Video | Business Headlines | Internet | Science | Scientific Ethics | Technology | Search

 


Rearing Deep-Sea Squid In Captivity Record Attempt

Rearing Deep-Sea Squid In Captivity: World Record Breaking Attempt

New Zealand scientist Dr Steve O’Shea, well known for his study of giant squid, is attempting to break his own world record for keeping deep sea squid alive in captivity, as a warm up to his goal of one day raising a giant squid in a tank.

He is rearing broad squid, Sepioteuthis australis, and has set up SQUIDCAM – a movable web-cam which operates 24/7 - so that enthusiasts around the world can monitor his progress. Earlier attempts in 2000 saw him reach the 150-day mark for one squid species which lives at 300-metres below sea level.

“The broad squid is very difficult to rear in captivity due to its 3mm size on hatching and the complex changes in diet over the first 60 days of life, but it brings me one step closer to the end game - growing giant squid,” says O’Shea

Deep-sea squid are voracious hunters, consuming their own body mass each day and eating prey one-to-one-and-a-half times their size. In their short life span they eat 10 different prey types, and for the first 120 days of their life they’ll only eat live food – which has to be caught every day.

“So far we have a 95 per cent success rate, which is almost unheard of, even for other species that have been reared in captivity,” he adds.

He says the site will appeal to budding scientists through to squid specialists, citing earlier success with the 2005 SQUIDCAM which attracted 4,000 visitors in the first month alone, and hopes it will highlight the plight of endangered animals to thousands around the world.

“The end game is to improve our understanding of these deep sea creatures, and how to keep them alive in captivity, so that we can all experience some of the more exotic, bizarre and fantastic squid that frequent our waters,” says O’Shea. O’Shea collected the squid egg masses from seaweed in the Hauraki Gulf, near Auckland and is rearing them in a tank, which is located at AUT University’s Earth & Oceanic Sciences Research Institute. A Canadian documentary team has tracked his progress to date and this world-record breaking attempt will appear in a documentary series this year.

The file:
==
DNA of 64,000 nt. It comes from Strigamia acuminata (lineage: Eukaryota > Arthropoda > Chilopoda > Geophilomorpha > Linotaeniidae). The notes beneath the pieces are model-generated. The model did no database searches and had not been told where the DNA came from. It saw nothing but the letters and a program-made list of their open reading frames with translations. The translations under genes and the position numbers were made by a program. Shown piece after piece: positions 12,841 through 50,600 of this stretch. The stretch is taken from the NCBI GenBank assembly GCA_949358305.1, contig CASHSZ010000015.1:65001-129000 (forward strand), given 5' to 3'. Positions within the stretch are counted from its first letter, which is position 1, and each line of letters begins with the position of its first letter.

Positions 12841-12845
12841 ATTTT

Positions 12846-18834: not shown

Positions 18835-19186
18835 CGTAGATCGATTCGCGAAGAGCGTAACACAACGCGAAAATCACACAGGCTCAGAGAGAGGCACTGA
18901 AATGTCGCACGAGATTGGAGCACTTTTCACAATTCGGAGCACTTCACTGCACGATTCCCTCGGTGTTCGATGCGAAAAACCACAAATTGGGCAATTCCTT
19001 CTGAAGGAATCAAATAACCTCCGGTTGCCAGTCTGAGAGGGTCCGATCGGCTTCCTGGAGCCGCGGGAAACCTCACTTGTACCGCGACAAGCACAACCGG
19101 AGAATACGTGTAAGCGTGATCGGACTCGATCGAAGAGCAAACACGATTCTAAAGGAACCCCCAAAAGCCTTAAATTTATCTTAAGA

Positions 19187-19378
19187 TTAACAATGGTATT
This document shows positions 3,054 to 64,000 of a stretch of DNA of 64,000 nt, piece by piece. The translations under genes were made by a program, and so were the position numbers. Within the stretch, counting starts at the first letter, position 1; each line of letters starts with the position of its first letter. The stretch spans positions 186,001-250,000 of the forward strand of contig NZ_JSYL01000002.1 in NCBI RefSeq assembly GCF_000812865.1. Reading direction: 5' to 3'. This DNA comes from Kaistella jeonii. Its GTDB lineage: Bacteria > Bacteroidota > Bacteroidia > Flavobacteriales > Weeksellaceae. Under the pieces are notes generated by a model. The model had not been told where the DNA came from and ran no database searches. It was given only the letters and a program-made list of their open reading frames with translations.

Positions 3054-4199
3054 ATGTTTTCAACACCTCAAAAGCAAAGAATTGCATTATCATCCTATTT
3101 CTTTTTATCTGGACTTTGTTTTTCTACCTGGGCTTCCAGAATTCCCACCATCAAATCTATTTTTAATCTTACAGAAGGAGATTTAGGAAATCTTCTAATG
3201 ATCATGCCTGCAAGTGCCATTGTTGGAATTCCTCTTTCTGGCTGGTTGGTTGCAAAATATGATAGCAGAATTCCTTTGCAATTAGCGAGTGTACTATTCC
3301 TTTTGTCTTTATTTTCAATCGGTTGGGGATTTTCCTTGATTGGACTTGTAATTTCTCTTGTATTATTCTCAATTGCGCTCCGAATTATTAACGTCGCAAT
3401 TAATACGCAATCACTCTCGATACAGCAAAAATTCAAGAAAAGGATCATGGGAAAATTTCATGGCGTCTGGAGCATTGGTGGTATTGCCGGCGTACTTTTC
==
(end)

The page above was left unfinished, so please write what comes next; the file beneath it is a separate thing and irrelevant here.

To view squid visit: http://www.aut.ac.nz/research/research-institutes/eos/whats-new/squidcam

ENDS

© Scoop Media

 
 
 
 
 
Business Headlines | Sci-Tech Headlines

 

Gongs Got: Canon Media Awards & NZ Radio Awards Happen

Radio NZ: RNZ website The Wireless, which is co-funded by NZ On Air, was named best website, while Toby Manhire and Toby Morris won the best opinion general writing section for their weekly column on rnz.co.nz and Tess McClure won the best junior feature writer section. More>>

ALSO:

Pre-Budget: Debt Focus Risks Losing Opportunity To Stoke Economy

The Treasury is likely to upgrade its forecasts for economic growth in Budget 2016 next week but Finance Minister Bill English has already signalled that more of his focus is on debt repayment than on fiscal stimulus or tax cuts... More>>

ALSO:

Fulton Hogan's Heroes: Managing Director Nick Miller Resigns

Fulton Hogan managing director Nick Miller will leave the privately owned construction company after seven years in charge. The Dunedin-based company has kicked off a search for a replacement, and Miller will stay on at the helm until March next year, or until a successor has been appointed and a transition period completed. More>>

ALSO:

Gordon Campbell: On Electricity, Executions, And Bob Dylan

The Electricity Authority has unveiled the final version of its pricing plan for electricity transmission. This will change the way transmission prices (which comprise about 10% of the average power bill) are computed, and will add hundreds of dollars a year to power bills for many ordinary consumers. More>>

ALSO:

Half Empty: Fonterra NZ, Australia Milk Collection Drops In Season

Fonterra Cooperative Group says milk collection is down in New Zealand and Australia, its two largest markets, in the first 11 months of the season during a period of weak dairy prices. More>>

ALSO:

Get More From Scoop

 
 
 
 
 
 
 
 
 
Sci-Tech
Search Scoop  
 
 
Powered by Vodafone
NZ independent news